How To Give Up A Steady Paycheck & Make Money Doing Your Own Thing, According To Trainer Todd McCullough
Todd McCullough is the personal trainer you've always wanted: kind but tough, always exuding passion and dedication. It's easy to assume that the mbg Collective member and founder of TMAC Fitness, a line of 20-minute total-body workouts, was always destined to help people get their sweat on. But in this candid interview, the renowned trainer dives into his past life as a financial planner and how it shaped his approach to money, health, and forging your own happiness.
What does financial well-being mean to you?
Freedom, period. Freedom to do what I want, when I want.
What has your financial journey looked like so far?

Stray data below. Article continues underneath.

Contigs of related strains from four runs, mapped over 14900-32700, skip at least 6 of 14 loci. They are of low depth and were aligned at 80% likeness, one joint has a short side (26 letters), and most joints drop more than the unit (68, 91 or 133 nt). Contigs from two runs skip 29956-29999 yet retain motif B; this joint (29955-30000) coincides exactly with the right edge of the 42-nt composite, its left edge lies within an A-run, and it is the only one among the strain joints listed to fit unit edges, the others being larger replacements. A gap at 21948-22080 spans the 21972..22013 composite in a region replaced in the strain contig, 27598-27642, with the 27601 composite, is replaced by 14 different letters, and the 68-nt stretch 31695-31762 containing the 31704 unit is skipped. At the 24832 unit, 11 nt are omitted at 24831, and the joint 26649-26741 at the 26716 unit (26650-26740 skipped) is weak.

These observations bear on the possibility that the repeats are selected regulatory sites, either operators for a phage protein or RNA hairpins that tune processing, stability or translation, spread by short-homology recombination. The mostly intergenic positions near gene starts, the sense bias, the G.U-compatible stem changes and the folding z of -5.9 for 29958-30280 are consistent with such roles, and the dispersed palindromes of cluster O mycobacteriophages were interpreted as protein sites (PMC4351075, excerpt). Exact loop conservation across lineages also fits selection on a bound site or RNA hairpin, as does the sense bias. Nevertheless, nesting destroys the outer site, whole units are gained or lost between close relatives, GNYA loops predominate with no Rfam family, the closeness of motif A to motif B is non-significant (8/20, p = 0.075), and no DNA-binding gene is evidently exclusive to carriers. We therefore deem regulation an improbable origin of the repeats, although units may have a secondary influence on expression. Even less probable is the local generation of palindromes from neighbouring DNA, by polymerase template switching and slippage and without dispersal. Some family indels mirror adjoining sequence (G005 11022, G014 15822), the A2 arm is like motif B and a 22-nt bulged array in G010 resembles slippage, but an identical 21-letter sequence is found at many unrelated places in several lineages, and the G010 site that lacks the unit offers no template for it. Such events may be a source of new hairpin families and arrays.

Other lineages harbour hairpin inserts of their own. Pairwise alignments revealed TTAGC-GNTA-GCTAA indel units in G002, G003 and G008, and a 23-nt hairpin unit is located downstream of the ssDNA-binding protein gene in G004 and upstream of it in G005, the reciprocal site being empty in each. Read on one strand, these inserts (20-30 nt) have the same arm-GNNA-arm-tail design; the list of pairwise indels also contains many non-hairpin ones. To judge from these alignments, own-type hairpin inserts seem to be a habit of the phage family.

After college, I had a great job as a financial adviser at Merrill Lynch. You're not making a ton as a young broker, but you kind of see what that kind of life looks like—and it's a great life. But I quickly realized that I wasn't fulfilled.
For me to be happy, I needed to be doing something that I was passionate about and making some sort of positive contribution to the world. When the market crashed in '08, all of these young stockbrokers got laid off, and it gave me a chance to re-evaluate life. So I packed up and moved to L.A.—I was new to town, didn't know anyone, and started personal training. Anyone who had a pulse could come to my boot camps.
I quickly went from being financially stable in a steady job to being flat-ass broke, with a tank top and board shorts on the beaches of Santa Monica.
How did you start making your business lucrative?